Meet Jake Adelstein when we love Japan is a real challenge. We would like him to questions about his arrival in the Country of the rising sun at the end of the 1980s ; make him tell to the 1001e time and time again how this gaijin (the word nippon to refer to, somewhat pejoratively, the strangers), straight out of Missouri, made his way up to the prestigious Yomiuri Shimbun , the daily newspaper most widely read in Japan where he was the first foreign journalist to be hired. We would like to, also, it distils a little more its spicy anecdotes about his first steps into the world terribly fascinating of organised crime japanese. He has already told many times. “But it won’t bother me ever again,” says the author of Tokyo Vice, The Last of the Yakuza and more recently I sold my soul for bitcoins (Editions Marchialy).
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We find him near his home in Tokyo. “I love this neighborhood, a small island of calm,” he says as he walks through the streets of Higashi-Kitazawa, west Tokyo, and neighboring the trendy Shimo-Kitazawa. And most importantly, I found a home not expensive at all: someone died in it. As the Japanese are very superstitious, they hate to live in a haunted house. Then the rents drop considerably.”
Tokyo Vice soon in the TV series In “I sold my soul for bitcoins”, Jake takes us to the heart of this financial scandal whose reverberations are very few feelings in France. Marchialy
a Prominent scholar of Japan, Jake Adelstein was a very busy year. His latest book, which recounts the case of Mark Karpelès, the French founder of the exchange platform cryptomonnaies Mt.Gox, was a resounding success. His first, Tokyo Vice (2009), which has established itself since as a benchmark in the genre of non-fiction, is being adapted. The TV series will be broadcast on the future platform of streaming WarnerMedia (which should include the programs of HBO). “It had to be a movie at the base, with Daniel Radcliffe, who performed my role,” recalls Jake Adelstein. I had seen it in one piece, The Lifespan of a Fact, where he plays a fact-checker, a job that does not exist anymore. But eventually the format changed, and the choice of production too.”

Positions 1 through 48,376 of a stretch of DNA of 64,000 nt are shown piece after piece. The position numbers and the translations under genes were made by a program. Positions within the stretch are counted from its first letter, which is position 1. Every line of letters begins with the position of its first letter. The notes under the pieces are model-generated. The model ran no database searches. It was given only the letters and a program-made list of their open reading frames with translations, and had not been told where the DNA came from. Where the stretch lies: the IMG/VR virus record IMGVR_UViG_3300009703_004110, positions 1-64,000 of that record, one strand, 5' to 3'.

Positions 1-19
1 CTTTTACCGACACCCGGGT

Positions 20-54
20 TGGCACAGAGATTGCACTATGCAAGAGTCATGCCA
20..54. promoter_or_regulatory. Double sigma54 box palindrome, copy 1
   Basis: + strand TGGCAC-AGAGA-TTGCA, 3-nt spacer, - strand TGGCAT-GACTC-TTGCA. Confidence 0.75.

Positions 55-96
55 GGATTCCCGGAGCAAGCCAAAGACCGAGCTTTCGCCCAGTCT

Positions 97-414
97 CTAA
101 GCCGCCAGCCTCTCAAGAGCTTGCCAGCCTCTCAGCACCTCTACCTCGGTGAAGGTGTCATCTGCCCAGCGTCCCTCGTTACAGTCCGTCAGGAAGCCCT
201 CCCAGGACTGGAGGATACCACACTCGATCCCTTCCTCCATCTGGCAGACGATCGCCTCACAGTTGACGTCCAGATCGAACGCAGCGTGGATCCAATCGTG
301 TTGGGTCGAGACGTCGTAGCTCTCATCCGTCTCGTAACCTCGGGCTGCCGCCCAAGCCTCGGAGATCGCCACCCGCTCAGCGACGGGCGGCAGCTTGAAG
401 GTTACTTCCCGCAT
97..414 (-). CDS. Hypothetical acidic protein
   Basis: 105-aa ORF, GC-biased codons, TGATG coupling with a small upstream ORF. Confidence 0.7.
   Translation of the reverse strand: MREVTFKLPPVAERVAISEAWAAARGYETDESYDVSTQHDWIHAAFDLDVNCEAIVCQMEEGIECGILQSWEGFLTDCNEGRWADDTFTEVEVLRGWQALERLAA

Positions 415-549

instead of the actor of Harry Potter, it is finally Ansel Elgort, the flawless “baby driver” of the eponymous film (Edgar Wright, released in 2017), which will propose the journalist to the side of Ken Watanabe (The Last Samurai, Inception, Letters from Iwo Jima) . “We signed up for a first season, but I think that there will be two,” says Adelstein. It is quite exciting to have to recreate that time. I started at the Yomiuri ( Shimbun editor’s note ) in 1993. Appointment account: the first cell phones that can take pictures are arrived in 1999!” With the beginning of filming scheduled for the beginning of 2020, Jake hopes to see the first season of Tokyo Vice (the official title has not yet been confirmed) towards the end of next year.
An investigation panting on the bitcoins
We arrive at the famous haunted house. A small old building of two floors, nestled at the bottom of a venelle and nested between two other buildings. Jake leans toward a cooler placed in the middle of his address, raises the lid and removes a bunch of keys stuck in the backgrounds of a few bottles of alcohol. “This is only possible in Japan”, plays the reporter for fifty years. Although the FBI has had to put under police protection, despite its investigations, the judicial system in japan, despite its proximity to Mark Karpelès and the case Mt. Gox, Jake Adelstein had no objection to entrust the access to his home, with his documents and his computer, to two bottles of whisky.